In Marijuana, Opiods, Pain Management, Workers’ Compensation

bernard nomberg

by Bernard D. Nomberg, Partner, The Nomberg Law Firm

As nearly half of the United States has legalized marijuana for medical purposes, some states have moved towards the legalization of marijuana for recreational use leaving Alabamians to wonder whether Alabama will adopt similar legislation. Presently, twenty-nine states have legalized medical marijuana and another eight states have legalized its use for recreational purposes.

In April 2015, an Alabama Senate committee passed a comprehensive medical marijuana bill better known as “The Medical Marijuana Patient Safe Access Act.” The legislation would have allowed patients who suffer from one of twenty-five specific conditions to purchase a maximum of 10 ounces of medical marijuana per month at a dispensary. Nothing came of the Act though, but in 2016 Governor Robert Bentley signed legislation allowing medical marijuana oil in the state. More commonly known as “Leni’s Law,” the bill legalizes cannabidiol “CBD” oil for the treatment of epilepsy. While this is but a small step in the scheme of the legalization of medical marijuana and yet an even smaller step in the legalization of recreational marijuana, the plant seems to be picking up traction.

Recently, the National Council on Compensation Insurance (NCCI) released an article examining the issues surrounding the growing impact of legalizing marijuana on workers’ compensation stakeholders.[1] The article specifically addresses 1) How the federal Schedule I drug status of marijuana impacts workers’ compensation; 2) Whether states require workers’ compensation insurers to reimburse or pay for medical marijuana; and 3) Whether medical marijuana is a viable alternative to opioids for pain management, better claim outcomes, and getting employees back to work sooner.

Regardless of its legalization on the state level, marijuana is still illegal at the federal level, classified as a Schedule I drug under the Federal Controlled Substances Act. Despite its federal illegality, insurers continue to get requests for reimbursement of medical marijuana treatment in workers’ compensation cases. This creates problems as to whether the drug should be approved as an acceptable treatment or not. As of yet, there is no standardized reimbursement policy or rate for the drug which continues to raise a lot of questions.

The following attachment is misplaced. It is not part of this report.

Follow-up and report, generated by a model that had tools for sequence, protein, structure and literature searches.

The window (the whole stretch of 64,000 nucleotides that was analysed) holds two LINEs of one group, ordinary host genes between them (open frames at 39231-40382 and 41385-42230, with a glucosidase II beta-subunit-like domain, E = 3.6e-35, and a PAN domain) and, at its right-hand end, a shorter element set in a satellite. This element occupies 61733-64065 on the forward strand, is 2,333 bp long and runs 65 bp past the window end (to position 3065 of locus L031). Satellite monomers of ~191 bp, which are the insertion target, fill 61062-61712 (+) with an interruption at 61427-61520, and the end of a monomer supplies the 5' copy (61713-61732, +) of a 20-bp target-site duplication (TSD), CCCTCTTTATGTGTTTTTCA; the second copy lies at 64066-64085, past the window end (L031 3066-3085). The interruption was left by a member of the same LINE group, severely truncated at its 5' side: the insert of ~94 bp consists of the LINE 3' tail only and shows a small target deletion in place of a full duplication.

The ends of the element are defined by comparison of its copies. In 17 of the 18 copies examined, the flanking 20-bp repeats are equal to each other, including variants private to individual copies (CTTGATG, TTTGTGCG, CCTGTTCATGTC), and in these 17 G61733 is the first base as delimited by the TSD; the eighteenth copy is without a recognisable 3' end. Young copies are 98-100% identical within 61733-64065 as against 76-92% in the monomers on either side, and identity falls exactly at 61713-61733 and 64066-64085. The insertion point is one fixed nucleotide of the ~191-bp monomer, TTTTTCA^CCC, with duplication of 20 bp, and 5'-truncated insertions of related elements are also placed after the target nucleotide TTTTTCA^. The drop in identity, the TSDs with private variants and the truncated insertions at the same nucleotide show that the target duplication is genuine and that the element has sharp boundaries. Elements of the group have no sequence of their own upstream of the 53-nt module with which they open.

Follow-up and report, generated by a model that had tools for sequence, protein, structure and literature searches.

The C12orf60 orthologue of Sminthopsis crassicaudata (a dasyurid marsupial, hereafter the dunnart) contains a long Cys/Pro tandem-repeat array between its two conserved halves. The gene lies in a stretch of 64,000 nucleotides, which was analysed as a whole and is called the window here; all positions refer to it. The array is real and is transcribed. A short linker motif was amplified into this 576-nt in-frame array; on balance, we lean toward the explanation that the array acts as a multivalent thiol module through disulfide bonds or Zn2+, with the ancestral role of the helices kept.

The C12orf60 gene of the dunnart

Only five states have found medical marijuana to be a permissible workers’ compensation treatment and thereby reimbursable.[2] More states may follow their lead in the future.

The latter issue on whether or not marijuana is a viable alternative to opioids is particularly relevant in Alabama as the use of opioids has become a widespread epidemic.[3] Some evidence, as outlined in the NCCI article, suggests that medical marijuana[4] can be a viable alternative to opioids for the management of pain. More evidence relating to this proposition is likely to come as many peer-reviewed scientific studies are conducted.

Until Alabama makes changes in the legalization of medical marijuana, workers’ compensation is unlikely to see many changes; however, the legislation and ultimate results are looming. The future of marijuana in the state is unknown at this point, but the progress so far can only lead to later issues in workers’ compensation. Alabama has a reputation for conservative policies, yet as more states vote for legalization, the idea becomes less far-fetched as the day before.

[1] https://www.ncci.com/Articles/Pages/II_Marijuana-Conversation-Insurer.aspx

[2] Connecticut, Maine, Minnesota, New Jersey, and New Mexico. See Vialpando v. Ben’s Automotive Services and Redwood Fire & Casualty, Petrini v. Marcus Dairy, Inc. and Gallagher Bassett Service, Noll v. Lepage Bakeries, Inc., and Bourgoin v. Twin Rivers Paper Co..

[3] See previous blog post “Opioids and the Workers’ Compensation Claim” found at https://www.nomberglaw.com/how-painkillers-could-be-affecting-your-workers-compensation-claim/

[4] Medical marijuana is chemically different from recreational marijuana as it fails to contain the tetrahydrocannabinol or “THC.”

Bernard D. Nomberg has practiced workers’ compensation law in Alabama for more than 20 years. Bernard has earned an AV rating from Martindale-Hubbell’s peer-review rating.  He has been selected a Super Lawyer by Super Lawyers Magazine as well as a Top Rated Attorney by B-Metro Magazine. Bernard is the Chair of the Alabama State Bar’s Workers’ Compensation Section.

photo credit: UsualRedAnt <a href=”http://www.flickr.com/photos/115645852@N04/26851490810″>Marijuana (beinahe) ohne Rausch</a> via <a href=”http://photopin.com”>photopin</a> <a href=”https://creativecommons.org/licenses/by-nc/2.0/”>(license)</a>
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